• Key point: The individual members of an unincorporated church can be personally liable for the actions of other members as well as for the obligations of the church.
• A Connecticut appeals court affirmed the well-established rule that individual members of an unincorporated association can be sued personally as a result of negligence or other misconduct of fellow members. The court observed: “Persons who associate together for some common nonbusiness purpose without a corporate franchise from the state are merely an aggregation of individuals, not a separate legal entity …. A voluntary association for tort liability purposes remains an aggregation of individuals who may be held personally liable in tort for certain of its activities.” The court based this conclusion both on a state statute and court decisions:
Section 52-76 [of the Connecticut Statutes] permits … civil actions to be brought both in contract and in tort against an association and its members. It is therefore clear from the words of this statute that a civil action may be brought against members of an unincorporated voluntary association in addition to the association itself. It is also clear from case law that not only are members of an unincorporated association suable, they are also liable individually …. Passage of [section 52-76] permitting an unincorporated voluntary association to sue or be sued in its own name, which also still permitted civil actions to be brought against its members, did not convert associations into separate quasi corporate entities distinct from their members.
The lesson of this case (and many others like it) is clear—churches that are not incorporated subject their members to personal liability for the actions of other members and for the obligations of the church itself. Unfortunately, many church leaders do not know whether or not their church is incorporated, and others erroneously assume that their church is incorporated. Our recommendations:
- Churches can simply and easily protect their members from personal liability for the actions of other members by incorporating the church. While incorporation will not protect a member from liability for his or her own actions, it will protect other members who did not participate in those actions.
- Incorporation is a simple and relatively inexpensive process. Of course, it requires the assistance of an attorney. Unfortunately, many church leaders do not know if their church is incorporated. Many assume that it is. This can be a very dangerous assumption if in fact the church is not incorporated, since it may mean that the members are personally responsible for the liabilities of the church. It is essential for church leaders to confirm whether or not their church is incorporated. This easily can be done by contacting the office of the secretary of state in your state capital. Representatives of the office of secretary of state ordinarily will tell you over the telephone whether or not your church is incorporated. If you are informed that your church is incorporated, then you may wish to ask for a certificate of good standing (the name of this document varies somewhat from state to state) that confirms the corporate status of your church. You also should request a certified copy of your charter (article of incorporation), to be sure that you have a copy of the document on file with the state.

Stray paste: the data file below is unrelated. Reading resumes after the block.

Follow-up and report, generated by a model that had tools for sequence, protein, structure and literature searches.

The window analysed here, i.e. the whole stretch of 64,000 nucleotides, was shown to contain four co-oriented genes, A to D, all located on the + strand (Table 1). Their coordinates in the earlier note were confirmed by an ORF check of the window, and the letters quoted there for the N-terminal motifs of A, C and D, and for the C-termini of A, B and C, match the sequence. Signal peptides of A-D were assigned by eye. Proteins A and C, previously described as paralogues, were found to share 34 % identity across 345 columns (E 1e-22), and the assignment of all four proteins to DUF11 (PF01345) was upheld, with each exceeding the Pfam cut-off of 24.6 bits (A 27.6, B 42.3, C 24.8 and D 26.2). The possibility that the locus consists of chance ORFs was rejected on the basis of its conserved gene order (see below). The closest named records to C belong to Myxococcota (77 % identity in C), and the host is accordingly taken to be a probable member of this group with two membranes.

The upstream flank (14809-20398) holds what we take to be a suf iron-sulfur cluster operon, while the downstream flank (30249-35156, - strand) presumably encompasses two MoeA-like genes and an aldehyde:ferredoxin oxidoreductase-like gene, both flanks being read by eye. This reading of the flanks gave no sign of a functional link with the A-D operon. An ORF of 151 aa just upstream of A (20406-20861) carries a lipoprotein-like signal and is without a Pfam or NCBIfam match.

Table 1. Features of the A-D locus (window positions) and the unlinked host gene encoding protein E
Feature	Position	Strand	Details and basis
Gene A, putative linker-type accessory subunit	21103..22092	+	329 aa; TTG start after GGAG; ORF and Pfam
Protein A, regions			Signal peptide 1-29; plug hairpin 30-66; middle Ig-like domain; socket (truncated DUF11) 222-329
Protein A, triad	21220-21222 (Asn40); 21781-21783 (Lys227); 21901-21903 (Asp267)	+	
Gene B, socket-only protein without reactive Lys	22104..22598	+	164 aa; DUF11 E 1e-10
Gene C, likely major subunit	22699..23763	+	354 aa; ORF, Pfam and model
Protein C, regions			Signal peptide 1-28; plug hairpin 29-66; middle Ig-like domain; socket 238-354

- Calling the office of the secretary of state is important even if you think that your church is incorporated, since the corporate status of many churches has “lapsed” through failure to file annual reports with the state. In many states, church corporations must file relatively simple annual reports with the state. In a surprisingly large number of cases, churches do not file these reports. In some states, the failure to file these reports will cause the church’s corporate status to lapse. This can lead to very unpleasant consequences. Church leaders and members alike have assumed that the corporate status protects them against personal liability for the obligations of the church, and then a lawsuit is filed naming them all as defendants. A search of the record then reveals that the corporate status lapsed, and the members indeed may be personally liable. Accordingly, it is an excellent and recommended practice for churches to confirm each year with the office of their secretary of state that they are in fact a corporation in good standing. This will take only a few minutes. If you are informed that your church is a corporation in good standing, then you may wish to request a certificate of good standing each year to remove any doubt. Such a certificate can be obtained from the office of the secretary of state for a nominal fee.
- A small number of church leaders are opposed to incorporation on the basis of theological considerations. Note that theological opposition to incorporation will not be a defense to the personal liability of church members for the obligations of an unincorporated church. Church leaders who are opposed to incorporation on theological grounds should share their position with the church membership. After all, it is entirely possible that the church members will not share this theological position when they are apprised of the potential consequences. Hartford Accident and Indemnity Company v. Sena, 619 A.2d 489 (Conn. Super. 1992).
See Also: Unincorporated Associations – In General
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